When topping a slab of candy with an ingredient, whether it's salt, popcorn, seeds, sprinkles, coconut, or shards of chocolate, it's important to shower it from a good height, rather than just an inch or so above the candy. Don't believe me? Try it. Grab a few fingers full of salt and attempt to sprinkle them all over something from an inch or so away. See what happens? The salt all ends up in one big pile. Now, do it again, but sprinkle the salt from 18 inches above the surface. This time the salt is distributed much more evenly, and you've avoided getting too much in any one spot. Knowing how to shower any ingredient is important because you will be sprinkling it on hot candy — and you can't correct your mistake once the sprinkling is done.
Makes about 270 grams
Probably what I love the most about popcorn cream is the fact that if you drink it, it tastes like buttered popcorn or a night out at the movies. (But who would drink heavy cream? Anyone? Only me? OK.) You need a food processor for this recipe, and the bowl and the blade of the processor must be completely dry. You want to turn the popcorn into dust, and that won't be possible if there's any moisture around.
One more thing: the popcorn in this recipe is popcorn you'll pop yourself on the stove top. I'm always surprised by the number of people who use a microwave to make popcorn when the stove-top method (especially when popped in coconut oil and a little sugar) produces such superior results. You may be tempted to make this cream with prepopped bagged stuff or even a chemical-laden microwave imposter, but the flavor will never be the same.
100 grams Every Day, Popcorn (see below)
500 grams heavy cream
Place the popcorn in the bowl of a food processor fitted with the blade attachment. Pulse the popcorn until it turns into a fine dust. Empty the popcorn dust into a heatproof bowl.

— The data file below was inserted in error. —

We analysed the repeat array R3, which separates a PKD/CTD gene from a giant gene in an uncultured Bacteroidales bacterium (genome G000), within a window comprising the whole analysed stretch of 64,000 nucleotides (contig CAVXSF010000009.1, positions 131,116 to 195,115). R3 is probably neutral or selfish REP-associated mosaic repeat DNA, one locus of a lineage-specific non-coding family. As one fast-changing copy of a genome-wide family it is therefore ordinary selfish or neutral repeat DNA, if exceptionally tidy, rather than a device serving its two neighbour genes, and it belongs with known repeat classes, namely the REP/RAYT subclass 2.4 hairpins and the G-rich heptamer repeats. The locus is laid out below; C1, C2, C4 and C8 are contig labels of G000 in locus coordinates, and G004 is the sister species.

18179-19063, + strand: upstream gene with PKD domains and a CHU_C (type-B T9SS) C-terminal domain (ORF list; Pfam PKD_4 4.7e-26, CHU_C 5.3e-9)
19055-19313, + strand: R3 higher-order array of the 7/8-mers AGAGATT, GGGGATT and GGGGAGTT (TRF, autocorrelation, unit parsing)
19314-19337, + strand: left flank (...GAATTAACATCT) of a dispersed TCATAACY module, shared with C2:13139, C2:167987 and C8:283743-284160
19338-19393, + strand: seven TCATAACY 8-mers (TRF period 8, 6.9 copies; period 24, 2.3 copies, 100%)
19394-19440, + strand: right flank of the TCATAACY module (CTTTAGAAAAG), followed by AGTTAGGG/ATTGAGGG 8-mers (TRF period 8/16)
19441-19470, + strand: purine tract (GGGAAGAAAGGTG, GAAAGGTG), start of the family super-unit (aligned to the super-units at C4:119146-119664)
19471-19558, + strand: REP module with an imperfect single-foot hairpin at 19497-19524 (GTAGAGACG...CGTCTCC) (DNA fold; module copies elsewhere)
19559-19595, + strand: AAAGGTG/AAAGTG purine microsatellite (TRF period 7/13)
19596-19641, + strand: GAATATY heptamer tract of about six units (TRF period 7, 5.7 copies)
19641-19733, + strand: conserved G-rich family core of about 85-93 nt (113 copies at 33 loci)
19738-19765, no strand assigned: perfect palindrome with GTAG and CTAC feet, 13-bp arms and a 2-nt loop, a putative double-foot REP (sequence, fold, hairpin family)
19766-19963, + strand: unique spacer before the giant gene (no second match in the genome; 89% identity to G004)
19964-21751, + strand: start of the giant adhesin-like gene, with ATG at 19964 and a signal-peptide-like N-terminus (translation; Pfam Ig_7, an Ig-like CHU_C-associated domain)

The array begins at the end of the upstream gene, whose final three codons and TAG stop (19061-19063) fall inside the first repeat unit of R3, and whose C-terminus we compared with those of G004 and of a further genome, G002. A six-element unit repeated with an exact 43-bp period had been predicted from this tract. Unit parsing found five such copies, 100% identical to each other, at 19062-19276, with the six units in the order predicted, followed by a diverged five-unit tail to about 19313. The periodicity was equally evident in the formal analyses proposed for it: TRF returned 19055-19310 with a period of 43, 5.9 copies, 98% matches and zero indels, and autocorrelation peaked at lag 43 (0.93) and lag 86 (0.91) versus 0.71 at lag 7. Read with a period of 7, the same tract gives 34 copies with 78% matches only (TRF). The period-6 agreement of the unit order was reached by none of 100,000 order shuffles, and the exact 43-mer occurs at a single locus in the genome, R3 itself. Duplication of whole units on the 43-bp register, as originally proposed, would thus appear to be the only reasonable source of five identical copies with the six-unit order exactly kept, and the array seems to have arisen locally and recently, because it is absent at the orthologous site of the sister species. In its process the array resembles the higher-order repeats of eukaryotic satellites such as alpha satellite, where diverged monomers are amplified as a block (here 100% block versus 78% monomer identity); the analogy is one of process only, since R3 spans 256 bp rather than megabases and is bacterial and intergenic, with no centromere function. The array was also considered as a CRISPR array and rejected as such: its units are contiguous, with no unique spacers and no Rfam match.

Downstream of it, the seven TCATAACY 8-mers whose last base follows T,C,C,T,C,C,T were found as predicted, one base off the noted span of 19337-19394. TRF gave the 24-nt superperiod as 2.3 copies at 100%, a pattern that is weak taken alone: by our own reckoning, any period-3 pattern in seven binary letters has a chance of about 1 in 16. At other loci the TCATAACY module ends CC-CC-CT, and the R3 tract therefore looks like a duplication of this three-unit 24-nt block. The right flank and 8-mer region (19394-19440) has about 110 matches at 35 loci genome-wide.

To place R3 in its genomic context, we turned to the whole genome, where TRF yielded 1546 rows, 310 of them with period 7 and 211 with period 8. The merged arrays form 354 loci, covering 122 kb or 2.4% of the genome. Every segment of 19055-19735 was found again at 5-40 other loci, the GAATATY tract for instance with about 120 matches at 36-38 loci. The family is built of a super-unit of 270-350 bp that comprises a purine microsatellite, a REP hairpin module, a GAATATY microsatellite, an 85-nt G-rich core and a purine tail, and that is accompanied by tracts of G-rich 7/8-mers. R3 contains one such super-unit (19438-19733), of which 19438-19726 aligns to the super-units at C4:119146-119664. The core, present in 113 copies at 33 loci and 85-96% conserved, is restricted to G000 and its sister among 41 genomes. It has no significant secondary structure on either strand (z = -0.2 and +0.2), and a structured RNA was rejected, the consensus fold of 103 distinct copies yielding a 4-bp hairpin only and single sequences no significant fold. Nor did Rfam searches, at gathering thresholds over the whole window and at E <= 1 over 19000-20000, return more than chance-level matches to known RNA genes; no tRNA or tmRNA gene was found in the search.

Pour the cream into a small saucepan, place over medium heat, and bring to a gentle boil, stirring a couple of times while you're waiting. Once the cream is bubbling, immediately pour it over the popcorn dust, nudging with a spoon to make sure that every speck of dust is saturated with cream. Cover the bowl with plastic wrap and allow the cream to steep for 30 minutes.
Set a fine mesh strainer over a small bowl and pour the cream-popcorn mixture into the strainer. It will look like some kind of mush, but it will smell like cream and popcorn (and, if you're like me, you'll start to get excited). Press the popcorn mush against the strainer with the back of a large spoon to release as much of the beautiful cream as you can. Discard the mush.
The cream is now ready to use, or transfer it to an airtight container and refrigerate for up to 1 week.
Makes about 300 grams
The real goal here is popcorn that can be used to make popcorn and cream, the key ingredient in Popcorn Caramels.. I pop my corn in refined coconut oil because the oil can stand up to high heat. Beware! Once the aroma of freshly popped popcorn fills your home, a snack attack is inevitable. You are going to needs 100 grams of the popcorn for making the cream and another 90 grams or so for topping the caramels. The remaining popcorn? Snack away. And don't be surprised if you're tempted to make this popcorn every day.
114 grams coconut oil
230 grams popcorn kernels (white or yellow)
75 grams granulated sugar
10 grams kosher salt
Put the coconut oil in a large pot (with the lid nearby), set it on the stove top, and turn the burner to medium-high. Once the coconut oil has liquefied, sprinkle the popcorn kernels evenly over the oil, then sprinkle the sugar evenly over the kernels. Place the lid on the pot and wait for the kernels to start popping. While you are waiting, get out a sheet pan and put it near the stove. Once the popcorn is off to a start, stand by and listen.
You'll want to keep the pot on the heat until there are long pauses between pops. Those pauses should not last more than 10 seconds. As soon as the popping starts to slow, turn off the burner, take the pot off the heat, carefully remove the lid, and pour the popcorn onto the sheet pan. Sprinkle the salt all over the popped corn.
The popcorn is ready to use, and (once cool) can be stored in an airtight container for up to 1 week.
Reprinted with permission from Candy is Magic, copyright 2017 by Jami Curl. Published by Ten Speed Press, an imprint of Penguin Random House LLC.